Bangladesh is yet to be ready for full implementation of the submarine cable, according to a report published in a national daily this week. Flawed attitude and perception towards the submarine cable persist at every point. The most important part of the optic fibre cable operation is its pricing policy, management and developing infrastructure to get the benefit. But all these are painfully missing in policy matters of the government. These should have been done soon after Bangladesh had decided to join the SEA-ME-WE4 consortium.
Did the country really miss the bus? Not really. Experts say there is still some time left to go for swift implementation of the submarine cable project. As the cable launching has been completed and the circuits are working on a test basis, the question of connectivity does arise. Who will give connection has not been decided yet. A regulation to this effect is absent. Due to this delay, internet service providers (ISP) are doing illegal voice over internet telephony (VoIP) business. This business has flourished during the last five years due to lack of will on the part of the government. However, the question now arises: Who will build capacity for major commercial and public centres and offer connectivity at a 'non-discriminatory' price to other operators and subscribers?
Obviously, the name of the country's largest telecommunications agency -- Bangladesh Telegraph and Telephone Board (BTTB) -- comes first. So far land telephone is concerned, the BTTB dominated the local market with absolute monopoly until the other day. The organisation is plagued by widespread corruption, non-transparent deals and mismanagement. Yet the Board has been running at a profit. Such profit could have been four or five times higher if there was no corruption inside. It has huge surplus money at its disposal, but it cannot spend it as it needs due to its status as a pure government organisation. There was a move for making it a holding company, but the union and a vested coterie in the BTTB are opposing the move vehemently. Yet there is no such broad entity like the BTTB that can be given responsibility of capacity building. By all means, the BTTB remains the only organisation to handle this business. But there should be a provision that if any organisation wants to go for capacity building at its own, approval should be given to it on a level-playing field. Mobile phone companies, for example, can be allowed to build their own capacity. Such arrangement can ensure better utilisation of Bangladesh's fibre optic line to the service sector of its economy.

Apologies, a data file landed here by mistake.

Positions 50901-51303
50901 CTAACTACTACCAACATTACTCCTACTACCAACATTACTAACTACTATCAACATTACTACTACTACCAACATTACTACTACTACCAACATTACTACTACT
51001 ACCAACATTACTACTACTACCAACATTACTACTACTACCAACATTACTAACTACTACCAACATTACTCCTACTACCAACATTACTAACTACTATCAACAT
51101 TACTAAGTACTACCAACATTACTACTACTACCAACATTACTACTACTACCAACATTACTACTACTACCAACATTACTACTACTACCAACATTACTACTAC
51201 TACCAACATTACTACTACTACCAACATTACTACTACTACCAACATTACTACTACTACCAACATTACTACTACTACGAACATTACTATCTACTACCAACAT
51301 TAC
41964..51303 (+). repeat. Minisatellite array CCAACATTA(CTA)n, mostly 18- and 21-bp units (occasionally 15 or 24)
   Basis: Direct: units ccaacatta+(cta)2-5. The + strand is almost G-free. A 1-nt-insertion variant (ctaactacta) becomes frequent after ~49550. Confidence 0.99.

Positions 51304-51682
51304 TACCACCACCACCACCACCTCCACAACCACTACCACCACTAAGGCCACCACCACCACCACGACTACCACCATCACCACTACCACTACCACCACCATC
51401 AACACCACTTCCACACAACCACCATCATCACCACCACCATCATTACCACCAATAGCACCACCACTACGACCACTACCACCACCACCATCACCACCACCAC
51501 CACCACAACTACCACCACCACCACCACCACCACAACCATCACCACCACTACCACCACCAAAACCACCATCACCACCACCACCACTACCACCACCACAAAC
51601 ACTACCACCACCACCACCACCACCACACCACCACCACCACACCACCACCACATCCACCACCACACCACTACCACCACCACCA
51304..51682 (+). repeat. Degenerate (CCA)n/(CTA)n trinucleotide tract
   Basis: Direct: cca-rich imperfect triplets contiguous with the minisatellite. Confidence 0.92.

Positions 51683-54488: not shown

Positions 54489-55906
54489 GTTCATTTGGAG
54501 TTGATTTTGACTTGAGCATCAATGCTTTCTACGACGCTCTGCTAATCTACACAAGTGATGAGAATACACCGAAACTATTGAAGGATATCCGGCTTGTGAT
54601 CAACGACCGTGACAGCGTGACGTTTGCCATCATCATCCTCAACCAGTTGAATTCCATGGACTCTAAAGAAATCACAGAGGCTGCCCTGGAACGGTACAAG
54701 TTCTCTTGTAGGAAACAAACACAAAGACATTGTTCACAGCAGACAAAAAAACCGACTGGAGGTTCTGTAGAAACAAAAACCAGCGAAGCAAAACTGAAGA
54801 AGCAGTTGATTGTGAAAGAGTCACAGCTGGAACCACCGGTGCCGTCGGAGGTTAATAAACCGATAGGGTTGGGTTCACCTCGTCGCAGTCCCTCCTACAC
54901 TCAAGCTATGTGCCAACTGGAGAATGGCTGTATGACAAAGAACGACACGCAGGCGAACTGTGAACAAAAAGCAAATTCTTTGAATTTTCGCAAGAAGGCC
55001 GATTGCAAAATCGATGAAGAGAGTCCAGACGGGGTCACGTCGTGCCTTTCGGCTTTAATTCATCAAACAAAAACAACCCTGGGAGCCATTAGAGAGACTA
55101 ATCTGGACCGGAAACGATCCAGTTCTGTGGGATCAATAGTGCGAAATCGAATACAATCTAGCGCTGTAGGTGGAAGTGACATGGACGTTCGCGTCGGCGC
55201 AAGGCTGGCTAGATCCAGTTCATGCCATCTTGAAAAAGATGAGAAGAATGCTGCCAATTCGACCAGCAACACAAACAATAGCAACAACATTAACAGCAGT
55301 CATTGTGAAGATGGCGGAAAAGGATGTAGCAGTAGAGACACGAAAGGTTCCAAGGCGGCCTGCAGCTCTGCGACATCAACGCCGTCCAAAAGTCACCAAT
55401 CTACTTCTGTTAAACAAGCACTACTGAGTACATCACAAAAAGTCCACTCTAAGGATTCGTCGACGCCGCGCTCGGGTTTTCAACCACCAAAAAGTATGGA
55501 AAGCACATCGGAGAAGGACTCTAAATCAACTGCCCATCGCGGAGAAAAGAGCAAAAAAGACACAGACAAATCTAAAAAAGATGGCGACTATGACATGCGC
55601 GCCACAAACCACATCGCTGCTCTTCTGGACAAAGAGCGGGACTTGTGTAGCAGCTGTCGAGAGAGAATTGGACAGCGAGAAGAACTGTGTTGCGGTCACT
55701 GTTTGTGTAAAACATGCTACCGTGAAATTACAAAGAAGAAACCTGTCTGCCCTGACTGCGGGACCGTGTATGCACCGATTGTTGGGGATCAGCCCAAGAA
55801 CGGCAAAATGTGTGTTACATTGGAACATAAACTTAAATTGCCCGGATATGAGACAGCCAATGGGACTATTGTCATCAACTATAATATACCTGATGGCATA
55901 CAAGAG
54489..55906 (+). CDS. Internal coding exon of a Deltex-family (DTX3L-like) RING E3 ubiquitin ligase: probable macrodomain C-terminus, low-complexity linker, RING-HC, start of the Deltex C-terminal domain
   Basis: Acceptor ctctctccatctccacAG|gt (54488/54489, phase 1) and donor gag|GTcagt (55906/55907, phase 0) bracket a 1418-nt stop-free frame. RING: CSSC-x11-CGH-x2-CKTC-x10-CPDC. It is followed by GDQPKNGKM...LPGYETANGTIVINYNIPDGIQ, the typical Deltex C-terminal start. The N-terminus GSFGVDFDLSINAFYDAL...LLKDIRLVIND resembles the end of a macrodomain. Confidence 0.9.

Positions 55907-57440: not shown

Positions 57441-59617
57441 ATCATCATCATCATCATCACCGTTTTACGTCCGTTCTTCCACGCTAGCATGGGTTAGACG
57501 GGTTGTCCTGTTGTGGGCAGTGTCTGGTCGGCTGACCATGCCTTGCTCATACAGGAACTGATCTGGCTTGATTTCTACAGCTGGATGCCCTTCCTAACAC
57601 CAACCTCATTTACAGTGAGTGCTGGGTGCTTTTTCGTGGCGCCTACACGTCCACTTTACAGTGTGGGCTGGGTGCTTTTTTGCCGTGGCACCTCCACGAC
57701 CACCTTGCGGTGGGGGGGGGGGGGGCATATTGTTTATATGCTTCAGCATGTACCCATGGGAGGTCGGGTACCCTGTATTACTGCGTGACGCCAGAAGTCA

After capacity building, the question of implementing the system comes. The BTTB does not seem to do well as the organisation is itself beset with enormous problems. There is a need for a competent and committed regulator with modern, competition-centred regulatory regime. Country's telecom regulatory system is yet be reformed. In order to address the issue, the cable segment (the share of the SEA-ME-WE4 cable, the cable station, the fibre connecting the landing station to major commercial centres) should be separated from the BTTB and vested to a new fully government-owned company.